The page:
Feb 02 2005
Wes Hickman (202-224-5972) or Kevin Bishop (864-250-1417)WASHINGTON -- U.S. Senator Lindsey Graham (R-South Carolina) today announced more than $430,000 in grants to fire departments in Clover, Lake City, and Norway. “Firefighters risk their lives to protect others, and they deserve the best equipment and training available,” said Graham. “Firefighters are some of the heroes in our midst.” The grants were awarded in one of two program areas:
- Operations and Firefighter Safety Program: The funds may be used for training, wellness, and fitness programs; the purchase of firefighting equipment and personal protective equipment; and modifications to fire stations and facilities.
- Firefighting Vehicle Acquisition Program: The funds may be used for the purchase of firefighting vehicles including pumpers, brush trucks, tankers, rescue vehicles, ambulances, quints, aerials, foam units, and fireboats.
Feb 02 2005
Wes Hickman (202-224-5972) or Kevin Bishop (864-250-1417)WASHINGTON – U.S. Senator Lindsey Graham (R-South Carolina) today made the following statement: “The bold vision President Bush laid out in his second Inaugural Address continued tonight in the State of the Union. His message serves as a challenge to the Congress and nation to maintain resolve in the face of serious domestic and international problems. “The President has clearly shown the Congress and American people that it is now time for problem solving, not political posturing. I hope the Congress will rise to the occasion and work with him making our nation more secure both at home and abroad. On Foreign Policy: “The recent successful elections in Iraq and Afghanistan have shown us that freedom is the best antidote to terror. “The President’s request for patience and determination, in terms of our commitment to the war on terror, is well-founded. I hope Congress will heed his counsel. On Social Security: “The President’s focus on Social Security as a national problem demonstrates his willingness to lead where others have chosen to demagogue. We can save and protect the most successful domestic program in history if we act soon. If we delay, the impact of the demographic tidal wave looming on the horizon will swamp our children and grandchildren with a massive amount of debt. “President Bush is correct in pointing out there are no easy solutions. It’s going to require the President, Congress and American people to make some painful choices and some level of sacrifice. It is clear that he is willing to work in a bipartisan manner to find solutions to save the system from impending bankruptcy. “In 1983, President Reagan and Speaker of the House Tip O'Neill worked together across party lines to protect Social Security — setting an example for future generations and one we should follow now. “Social Security must be preserved and strengthened. But we need to be candid about the costs and willing to make the tough choices that real reform will require. If we can agree on this, we can save a vital program for generations to come.” #####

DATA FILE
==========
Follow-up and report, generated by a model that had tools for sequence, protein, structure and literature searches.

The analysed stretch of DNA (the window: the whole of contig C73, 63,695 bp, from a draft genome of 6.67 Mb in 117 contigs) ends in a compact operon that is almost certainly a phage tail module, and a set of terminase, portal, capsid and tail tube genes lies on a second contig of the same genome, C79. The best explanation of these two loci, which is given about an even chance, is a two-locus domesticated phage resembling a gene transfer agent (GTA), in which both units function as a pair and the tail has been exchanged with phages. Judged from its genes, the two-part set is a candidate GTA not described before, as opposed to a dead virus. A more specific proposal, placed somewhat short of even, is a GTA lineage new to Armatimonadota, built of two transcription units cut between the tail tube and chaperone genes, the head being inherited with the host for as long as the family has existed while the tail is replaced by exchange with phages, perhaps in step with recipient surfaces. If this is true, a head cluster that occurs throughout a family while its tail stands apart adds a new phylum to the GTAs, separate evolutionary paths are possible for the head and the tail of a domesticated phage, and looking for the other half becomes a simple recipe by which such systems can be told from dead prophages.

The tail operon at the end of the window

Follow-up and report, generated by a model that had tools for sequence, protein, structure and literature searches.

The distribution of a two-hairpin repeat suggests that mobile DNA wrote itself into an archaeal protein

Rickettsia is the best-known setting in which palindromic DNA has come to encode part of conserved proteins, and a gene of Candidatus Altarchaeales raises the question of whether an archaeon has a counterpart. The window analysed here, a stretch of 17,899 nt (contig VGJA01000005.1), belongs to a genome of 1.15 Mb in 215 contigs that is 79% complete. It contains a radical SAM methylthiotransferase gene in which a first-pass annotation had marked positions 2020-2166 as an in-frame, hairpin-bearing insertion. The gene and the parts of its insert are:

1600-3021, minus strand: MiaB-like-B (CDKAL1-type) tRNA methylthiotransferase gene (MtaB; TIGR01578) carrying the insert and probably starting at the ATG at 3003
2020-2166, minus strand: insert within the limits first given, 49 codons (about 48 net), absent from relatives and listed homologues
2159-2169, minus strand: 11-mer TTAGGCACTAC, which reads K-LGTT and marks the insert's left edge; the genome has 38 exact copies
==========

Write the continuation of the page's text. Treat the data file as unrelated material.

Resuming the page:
Feb 01 2005
Wes Hickman (202-224-5972) or Kevin Bishop (864-250-1417)WASHINGTON – On the heels of the Graniteville accident, one of the worst rail disasters in recent history, U.S. Senator Lindsey Graham (R-South Carolina) today introduced bipartisan legislation dealing with the transportation of hazardous materials by rail and securing safe passage over rail crossings. Graham introduced the legislation with U.S. Senator Charles Schumer (D-NY). “South Carolina has learned all-too-well the dangers of railway accidents, particularly those involving toxic chemicals and freight,” said Graham. “This is an issue that needs to be addressed in a bipartisan manner and I’m pleased to work with my colleague on this endeavor. I look forwarded to working with all parties as we improve rail safety in our nation.” According to statistics from the Federal Railroad Administration’s (FRA) website, 87 South Carolinians have lost their lives in the period January 1999 until October 2004 in rail accidents. Nationally, 4,689 people have lost their lives in rail accidents over the same period. Major provisions of the legislation include:
- Raising the minimum fine for violations when transporting hazardous material from $550 to $5000 and raising the maximum fine for gross negligence from $27,500 to $2.5 million.
- Requiring the FRA to conduct a one-year national review of rail infrastructure still using manual switches to determine areas where automatic switches should be installed.
- Every fifteen years, each rail car must be taken out of use, inspected, and repaired to meet federal code and ensure its safety before being put back in use. All cars currently in use fifteen years or older must be inspected and brought up to code.
- Requiring FRA to submit a report to Congress in the next year making recommendations as to the safe distance between cars transporting hazardous materials.
- Requiring FRA to conduct a comprehensive safety review of all 250,000 rail crossings in the United States. FRA will also create a list of 10,000 crossings most in need of safety improvement and Congress will authorize funding to the states for upgrades.
- Empowering state hazardous materials (HAZMAT) inspectors to take cars out of circulation when they deem it necessary.
- Require railroad companies to submit a crossing malfunction report within 5 days to the FRA. Each additional day will result in a $5,000 fine.